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Genetic Polymorphisms on OPRM1, DRD2, DRD4, and COMT in Young Adults: Lack of Association With Alcohol Consumption

journal contribution
posted on 18.01.2021, 02:38 authored by P Chung, WB Logge, Benjamin RiordanBenjamin Riordan, PS Haber, ME Merriman, A Phipps-Green, RK Topless, TR Merriman, T Conner, KC Morley
© Copyright © 2020 Chung, Logge, Riordan, Haber, Merriman, Phipps-Green, Topless, Merriman, Conner and Morley. Background: Risk behaviors for young adults such as alcohol use are associated with increased risk of morbidity and mortality. Patterns of risk behavior may be genetically determined and vary between genders. Previous studies in both young adults and heavy drinking adult samples have demonstrated that some genotypes, such as OPRM1 A118G, COMT Val158Met and DRD2 Taq1A and DRD4 C52IT, may predict addictive behaviors including alcohol consumption and impulsivity, although results have been mixed. Methods: This study aimed to investigate the predictive relationship of these four single nucleotide polymorphisms (SNPs) prospectively on student patterns of drinking using a micro-longitudinal daily diary design in a sample of 628 young adults ages 18–25 of predominantly of European ethnicity. Linear mixed models were used to examine the effect of SNPs on the number of drinks per drinking session with gender as a moderating variable. Results: There were no main effects for genotype on alcohol consumption, nor for gender × genotype for any of the SNPs. There was a trend for an effect of the DRD2 Taq1A on the number of drinks per drinking day and for the interaction of gender and DRD2 Taq1A on the number of drinks per drinking day. Conclusion: These findings suggest that the DRD2 Taq1A, OPRM1 A118G, DRD4 C521T, or COMT Val158Met polymorphisms, are not associated with alcohol consumption in young adults, although there may be a relationship between DRD2 Taq1A and alcohol consumption in young adult males.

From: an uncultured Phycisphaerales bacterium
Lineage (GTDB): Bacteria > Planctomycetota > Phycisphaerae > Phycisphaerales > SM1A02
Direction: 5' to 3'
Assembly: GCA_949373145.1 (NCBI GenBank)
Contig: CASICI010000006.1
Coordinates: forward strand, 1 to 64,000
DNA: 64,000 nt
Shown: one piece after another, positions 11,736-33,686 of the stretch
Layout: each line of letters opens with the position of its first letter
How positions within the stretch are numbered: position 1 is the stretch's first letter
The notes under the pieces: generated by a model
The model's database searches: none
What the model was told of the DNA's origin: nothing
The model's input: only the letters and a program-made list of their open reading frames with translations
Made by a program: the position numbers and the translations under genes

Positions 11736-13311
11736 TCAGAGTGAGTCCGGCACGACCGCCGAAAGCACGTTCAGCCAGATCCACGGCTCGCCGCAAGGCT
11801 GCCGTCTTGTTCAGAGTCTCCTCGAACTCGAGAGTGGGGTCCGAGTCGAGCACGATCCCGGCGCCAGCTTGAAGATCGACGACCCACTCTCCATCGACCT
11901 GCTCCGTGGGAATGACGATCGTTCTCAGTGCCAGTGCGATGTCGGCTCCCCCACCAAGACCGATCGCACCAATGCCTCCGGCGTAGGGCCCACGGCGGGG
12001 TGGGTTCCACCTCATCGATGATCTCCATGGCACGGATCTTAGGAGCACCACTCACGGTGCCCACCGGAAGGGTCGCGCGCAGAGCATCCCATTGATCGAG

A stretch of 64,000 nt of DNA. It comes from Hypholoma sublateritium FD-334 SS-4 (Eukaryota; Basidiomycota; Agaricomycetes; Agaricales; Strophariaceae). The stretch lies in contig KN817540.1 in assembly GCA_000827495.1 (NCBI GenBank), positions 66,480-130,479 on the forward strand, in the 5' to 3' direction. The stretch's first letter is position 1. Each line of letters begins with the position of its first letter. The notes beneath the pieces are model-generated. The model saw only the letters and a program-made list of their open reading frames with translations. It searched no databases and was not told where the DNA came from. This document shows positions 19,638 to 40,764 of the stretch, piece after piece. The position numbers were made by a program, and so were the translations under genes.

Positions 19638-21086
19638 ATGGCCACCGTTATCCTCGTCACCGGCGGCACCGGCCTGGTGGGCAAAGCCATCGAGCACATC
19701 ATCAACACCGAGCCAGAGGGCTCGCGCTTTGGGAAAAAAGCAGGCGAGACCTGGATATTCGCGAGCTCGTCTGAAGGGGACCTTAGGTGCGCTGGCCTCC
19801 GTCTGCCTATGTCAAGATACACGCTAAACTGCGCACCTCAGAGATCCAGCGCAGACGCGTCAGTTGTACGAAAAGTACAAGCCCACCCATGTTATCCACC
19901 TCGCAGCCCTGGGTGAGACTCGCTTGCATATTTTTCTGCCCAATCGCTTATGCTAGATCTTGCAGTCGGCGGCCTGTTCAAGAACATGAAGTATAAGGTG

This research was supported by a University of Otago Research grant to TC and a Health Research Council of New Zealand Grant (12/709) to TC (PI) and TM (AI).


Publication Date



Frontiers in Psychiatry



Article Number

ARTN 549429







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